The number of hot days is steadily on the rise and projected to increase at all land locations in almost all climate models. Poverty pockets in developing countries are expected to be harshly hit due to climate change compared to not so poor areas. Heat stress is a grave threat to human health and, therefore, to productivity and welfare. The impacts of high temperatures on informal-sector workers who are among the poor in developing counties, and are likely more exposed to high temperature than any other group with the exception of agricultural workers, is largely unknown.
This project will provide the first measurements of a very important welfare impact of climate change throughout the developing world. It will provide necessary inputs for understanding adaptation strategies for formulating policy intervention in India and other countries.
More specifically, we will measure the income loss of urban daily-wage workers and self-employed persons on high-temperature days in Bhubaneswar, the capital of Odisha state in India. It is important to assess the welfare impacts of climate change. We will conduct daily time-use and income surveys of such workers over the summer months (10th April to 15th June) when the temperature varies between 30° to 42° C. The sample will be drawn from a slum where approximately 100,000 poor households reside, with most of them earning their income in the informal sector. Self-employed workers will be studied because their income depends on the number of hours worked and they have no fixed income. Daily-wage workers’ incomes may also be affected by heat if demand for their services falls or they are unable to work due to the heat. All the major occupational groups will be surveyed.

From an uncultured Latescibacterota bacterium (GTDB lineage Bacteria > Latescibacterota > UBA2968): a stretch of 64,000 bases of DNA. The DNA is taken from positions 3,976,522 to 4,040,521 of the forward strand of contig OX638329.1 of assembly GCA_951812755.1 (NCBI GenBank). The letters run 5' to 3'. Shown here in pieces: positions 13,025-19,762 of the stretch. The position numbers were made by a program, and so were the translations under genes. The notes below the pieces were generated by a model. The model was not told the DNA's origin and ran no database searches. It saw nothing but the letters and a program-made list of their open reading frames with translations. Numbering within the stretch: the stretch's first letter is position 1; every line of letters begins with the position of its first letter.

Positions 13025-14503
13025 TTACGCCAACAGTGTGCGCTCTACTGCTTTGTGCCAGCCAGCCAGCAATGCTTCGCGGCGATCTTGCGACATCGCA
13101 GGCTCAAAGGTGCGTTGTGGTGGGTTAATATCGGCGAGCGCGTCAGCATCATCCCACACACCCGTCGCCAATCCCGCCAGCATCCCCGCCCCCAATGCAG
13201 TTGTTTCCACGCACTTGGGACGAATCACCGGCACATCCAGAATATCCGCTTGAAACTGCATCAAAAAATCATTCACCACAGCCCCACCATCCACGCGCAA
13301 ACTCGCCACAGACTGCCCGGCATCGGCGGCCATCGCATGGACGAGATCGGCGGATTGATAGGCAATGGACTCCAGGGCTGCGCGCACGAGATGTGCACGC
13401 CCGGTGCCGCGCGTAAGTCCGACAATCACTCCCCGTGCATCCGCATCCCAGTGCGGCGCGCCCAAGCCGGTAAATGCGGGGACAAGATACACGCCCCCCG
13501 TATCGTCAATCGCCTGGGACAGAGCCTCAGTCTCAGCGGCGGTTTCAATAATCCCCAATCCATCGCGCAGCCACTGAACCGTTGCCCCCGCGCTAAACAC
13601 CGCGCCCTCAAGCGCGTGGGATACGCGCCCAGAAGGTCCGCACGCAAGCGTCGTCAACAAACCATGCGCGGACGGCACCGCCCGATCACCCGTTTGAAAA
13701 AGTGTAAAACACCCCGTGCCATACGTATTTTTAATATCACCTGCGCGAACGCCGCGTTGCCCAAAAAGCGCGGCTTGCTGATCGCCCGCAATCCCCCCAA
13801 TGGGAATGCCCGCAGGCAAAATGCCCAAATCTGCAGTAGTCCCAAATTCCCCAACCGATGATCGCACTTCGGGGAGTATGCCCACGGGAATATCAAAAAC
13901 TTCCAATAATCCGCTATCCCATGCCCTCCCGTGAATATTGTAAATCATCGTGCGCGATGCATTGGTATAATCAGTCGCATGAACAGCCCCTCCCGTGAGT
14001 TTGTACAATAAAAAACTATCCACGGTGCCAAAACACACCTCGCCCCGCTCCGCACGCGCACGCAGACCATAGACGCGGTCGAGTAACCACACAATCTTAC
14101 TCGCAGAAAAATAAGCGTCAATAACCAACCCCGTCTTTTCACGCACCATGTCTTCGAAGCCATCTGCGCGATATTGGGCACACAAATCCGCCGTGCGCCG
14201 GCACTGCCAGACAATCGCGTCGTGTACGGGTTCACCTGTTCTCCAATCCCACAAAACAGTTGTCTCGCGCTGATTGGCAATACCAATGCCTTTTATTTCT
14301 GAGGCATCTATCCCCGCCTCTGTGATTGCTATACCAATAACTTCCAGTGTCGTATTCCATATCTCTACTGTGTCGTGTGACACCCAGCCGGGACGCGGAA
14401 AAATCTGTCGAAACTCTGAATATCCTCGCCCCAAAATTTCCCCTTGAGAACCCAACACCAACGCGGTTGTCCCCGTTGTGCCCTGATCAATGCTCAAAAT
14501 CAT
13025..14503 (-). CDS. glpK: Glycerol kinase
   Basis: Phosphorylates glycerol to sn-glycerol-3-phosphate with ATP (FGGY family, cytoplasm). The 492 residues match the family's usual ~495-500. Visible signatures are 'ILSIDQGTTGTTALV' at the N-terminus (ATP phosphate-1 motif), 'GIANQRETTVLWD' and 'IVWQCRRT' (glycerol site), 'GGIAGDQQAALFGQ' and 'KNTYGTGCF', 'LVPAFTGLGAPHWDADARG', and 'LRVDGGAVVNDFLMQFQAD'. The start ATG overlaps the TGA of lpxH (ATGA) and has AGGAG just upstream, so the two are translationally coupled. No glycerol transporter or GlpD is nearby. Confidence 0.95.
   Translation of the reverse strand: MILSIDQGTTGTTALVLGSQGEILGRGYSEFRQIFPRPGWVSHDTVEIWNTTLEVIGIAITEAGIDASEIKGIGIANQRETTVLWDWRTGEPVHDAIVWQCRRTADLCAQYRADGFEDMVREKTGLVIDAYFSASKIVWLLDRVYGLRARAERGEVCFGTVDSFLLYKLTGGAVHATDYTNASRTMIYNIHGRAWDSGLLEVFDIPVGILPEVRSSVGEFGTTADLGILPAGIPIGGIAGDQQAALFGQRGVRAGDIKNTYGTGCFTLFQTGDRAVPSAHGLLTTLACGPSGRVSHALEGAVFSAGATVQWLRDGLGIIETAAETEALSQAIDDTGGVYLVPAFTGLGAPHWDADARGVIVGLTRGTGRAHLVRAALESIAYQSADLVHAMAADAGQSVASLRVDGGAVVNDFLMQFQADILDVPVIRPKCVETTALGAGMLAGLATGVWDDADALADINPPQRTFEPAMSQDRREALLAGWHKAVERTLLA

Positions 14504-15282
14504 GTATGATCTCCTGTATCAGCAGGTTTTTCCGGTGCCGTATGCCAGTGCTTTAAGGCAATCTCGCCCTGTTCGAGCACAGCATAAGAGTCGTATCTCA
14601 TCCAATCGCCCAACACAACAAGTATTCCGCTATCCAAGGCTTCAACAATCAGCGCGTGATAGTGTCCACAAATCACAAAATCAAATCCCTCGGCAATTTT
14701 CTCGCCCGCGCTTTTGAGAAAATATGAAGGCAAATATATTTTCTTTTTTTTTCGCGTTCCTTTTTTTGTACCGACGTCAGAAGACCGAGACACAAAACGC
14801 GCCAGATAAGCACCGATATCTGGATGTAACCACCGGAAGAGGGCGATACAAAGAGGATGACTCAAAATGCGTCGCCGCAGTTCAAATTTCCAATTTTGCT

The identification of the temperature effect on income will be through worker fixed-effect panel regression estimates, which are likely to control for other cross-worker unobservable effects. Along with income loss due to temperature, we also plan to study the private adaptations of households related to occupation, energy use and food consumed to adapt to heat stress. Such micro-level assessment can provide complementarity to macro level assessments of cost of climate change for different sectors and help in national adaptation policy formulation.